Ballmer and Softies sacrifice sleep to catch iPad
FAM Microsoft's chief executive has come very close to telling investors he screwed up after years of writing off, belittling and underestimated Apple's potential success in touch-based computing.
Steve Ballmer told Wall Street he's under no illusion about Apple's success with the iPad and iPhone, and Microsoft's number-one priority is now to deliver touch-based computing pads running Windows 7 and that people want.
Microsoft's CEO said Apple has sold more iPads and iPhones than he'd liked and he's suffering sleepless nights in the race to catch up. So are the Softies. That's as good as admitting you know you misjudged the competition with a promise you're now committed to catching up.
"We've got a push right now, right now with our hardware partner. Some of you will say: 'When? When?' As soon as they are ready, they will be shipping as soon as they are ready," Ballmer told Microsoft's annual Financial Analysts Meeting (FAM) in Redmond, Washington.
"It is job-one urgency around here, nobody's sleeping at this point. So we are working with those partners, not just to deliver something, but to deliver products that people really want to go buy."
Ballmer said Apple had done an: "Interesting job of putting together synthesis and putting a product out in which they've sold more than I'd like them to sell - let me just be clear about that. We think about that, we think about that in competitive sense."
Microsoft's got the applications, refinements in ink technology, and it's working with hardware partners turning Windows 7 to pads, the CEO said. He hinted at Windows 7 tablets on Intel's Sandy Bridge family of low-power, multi-core processors with integrated GPU in the new year.
He tried to re-assert the supremacy of the PC as a general computing device, saying people struggled with their iPads for typing.
Ballmer also dismissed Google's Android and Chrome OS, the new threats to Windows on mobile. Android's growing fastest of all the smartphone operating systems while OEMs are buying into Android and Chrome on tablets.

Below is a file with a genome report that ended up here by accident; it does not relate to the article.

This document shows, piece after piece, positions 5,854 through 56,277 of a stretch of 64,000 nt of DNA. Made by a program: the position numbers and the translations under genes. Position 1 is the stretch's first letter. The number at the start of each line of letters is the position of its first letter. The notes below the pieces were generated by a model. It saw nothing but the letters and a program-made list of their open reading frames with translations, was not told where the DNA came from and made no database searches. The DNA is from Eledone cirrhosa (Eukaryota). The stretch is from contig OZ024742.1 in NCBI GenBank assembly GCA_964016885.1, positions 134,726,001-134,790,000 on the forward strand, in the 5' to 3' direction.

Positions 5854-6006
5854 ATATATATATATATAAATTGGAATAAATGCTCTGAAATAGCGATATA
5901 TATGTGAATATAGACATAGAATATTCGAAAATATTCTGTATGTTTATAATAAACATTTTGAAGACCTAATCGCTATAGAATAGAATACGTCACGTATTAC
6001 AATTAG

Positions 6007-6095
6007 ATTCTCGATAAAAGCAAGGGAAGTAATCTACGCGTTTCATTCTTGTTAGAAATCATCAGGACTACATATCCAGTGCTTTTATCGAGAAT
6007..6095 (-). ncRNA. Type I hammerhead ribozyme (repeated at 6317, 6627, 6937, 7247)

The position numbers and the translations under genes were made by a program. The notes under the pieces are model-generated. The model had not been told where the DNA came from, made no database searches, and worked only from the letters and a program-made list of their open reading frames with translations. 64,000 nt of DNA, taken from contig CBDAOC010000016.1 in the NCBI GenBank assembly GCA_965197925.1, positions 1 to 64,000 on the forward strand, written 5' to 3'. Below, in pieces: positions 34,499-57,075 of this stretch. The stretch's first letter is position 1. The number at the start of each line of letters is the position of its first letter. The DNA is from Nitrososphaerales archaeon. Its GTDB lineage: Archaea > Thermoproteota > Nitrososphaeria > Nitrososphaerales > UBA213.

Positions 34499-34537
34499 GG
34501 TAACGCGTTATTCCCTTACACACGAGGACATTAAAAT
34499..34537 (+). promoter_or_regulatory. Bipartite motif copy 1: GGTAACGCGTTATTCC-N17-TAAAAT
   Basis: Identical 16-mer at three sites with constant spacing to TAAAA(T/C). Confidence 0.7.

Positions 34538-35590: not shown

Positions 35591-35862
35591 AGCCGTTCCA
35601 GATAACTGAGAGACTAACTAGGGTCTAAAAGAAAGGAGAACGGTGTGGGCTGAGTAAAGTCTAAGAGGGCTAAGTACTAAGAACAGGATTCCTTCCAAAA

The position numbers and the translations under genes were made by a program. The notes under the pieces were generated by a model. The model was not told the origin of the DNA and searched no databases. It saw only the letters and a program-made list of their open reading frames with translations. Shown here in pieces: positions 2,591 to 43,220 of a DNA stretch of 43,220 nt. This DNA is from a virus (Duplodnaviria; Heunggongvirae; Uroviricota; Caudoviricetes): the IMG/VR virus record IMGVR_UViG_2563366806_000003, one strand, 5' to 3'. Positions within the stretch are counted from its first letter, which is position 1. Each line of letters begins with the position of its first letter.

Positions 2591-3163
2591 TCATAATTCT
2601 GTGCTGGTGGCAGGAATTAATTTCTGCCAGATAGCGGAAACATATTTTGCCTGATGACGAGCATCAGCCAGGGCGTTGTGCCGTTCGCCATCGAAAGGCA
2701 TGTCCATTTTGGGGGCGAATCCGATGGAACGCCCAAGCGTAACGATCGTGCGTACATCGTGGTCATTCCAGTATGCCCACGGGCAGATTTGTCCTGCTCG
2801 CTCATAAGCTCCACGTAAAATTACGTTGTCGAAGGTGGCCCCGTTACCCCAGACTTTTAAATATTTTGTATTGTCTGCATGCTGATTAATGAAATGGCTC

"You will get a lot of cacophony, people do things with other operating systems, but we have the application base, we have the user familiarity, we have everything on our side if we do things really right," Ballmer told Wall Street's troops.
Ballmer should be careful. That's the kind of careful competitive analysis that helped open the door to Apple's touch-based computing effort with the iPhone and that led to the success of the iPad despite the existing availability of Windows tablets for consumers, business types and developers. ®
Too little, too late.
Microsoft is the new Novell. Novell was once the 800lb gorilla of networking, and then along came Microsoft to relegate them to relative obscurity. Novell dropped the ball, stopped innovating, and Microsoft produced a good-enough clone with just enough added blue crystals to take the lead. (It didn’t help that Microsoft isn’t inclined to play fair, but what company playing at that level ever is?)
Today, we are witnessing the death of the Microsoft client operating system. While it has the bulk of the market share in desktops and notebooks, this is largely a product of inertia. The constant game of “me too” and “catch up” has produced an impending death by a thousand cuts. Apple, Google and others, (Palm/HP for example) are simply out-innovating Microsoft while producing solutions that developers can live with and customers actually enjoy.
Microsoft has already lost the smartphone wars; nothing short of divine intervention will change that. The war for the tablet might be over before it even begins; we are about to enter into the Christmas season with no evidence of either an Android or Windows tablet that doesn’t royally suck in sight. While I’m not 100% sure, I suspect that being allowed to go unchallenged for an entire year is more than enough for Apple to establish itself as the king of this particular hill, capable of fending off all challengers handily.
So what’s left, the desktop? Traditional notebooks? I am sure there will always be a call for these, maybe even a fairly significant one. With VDI, cloud computing and a slew of credible alternative operating systems on offer, Microsoft stands to see a dramatic reduction in market share over the next decade. Apple has always been too expensive to realistically consider as a competitor for the desktop/notebook space, but Linux (in the form of Android, MeeGo, WebOS or ChromeOS) might finally be ready to start eating the low end.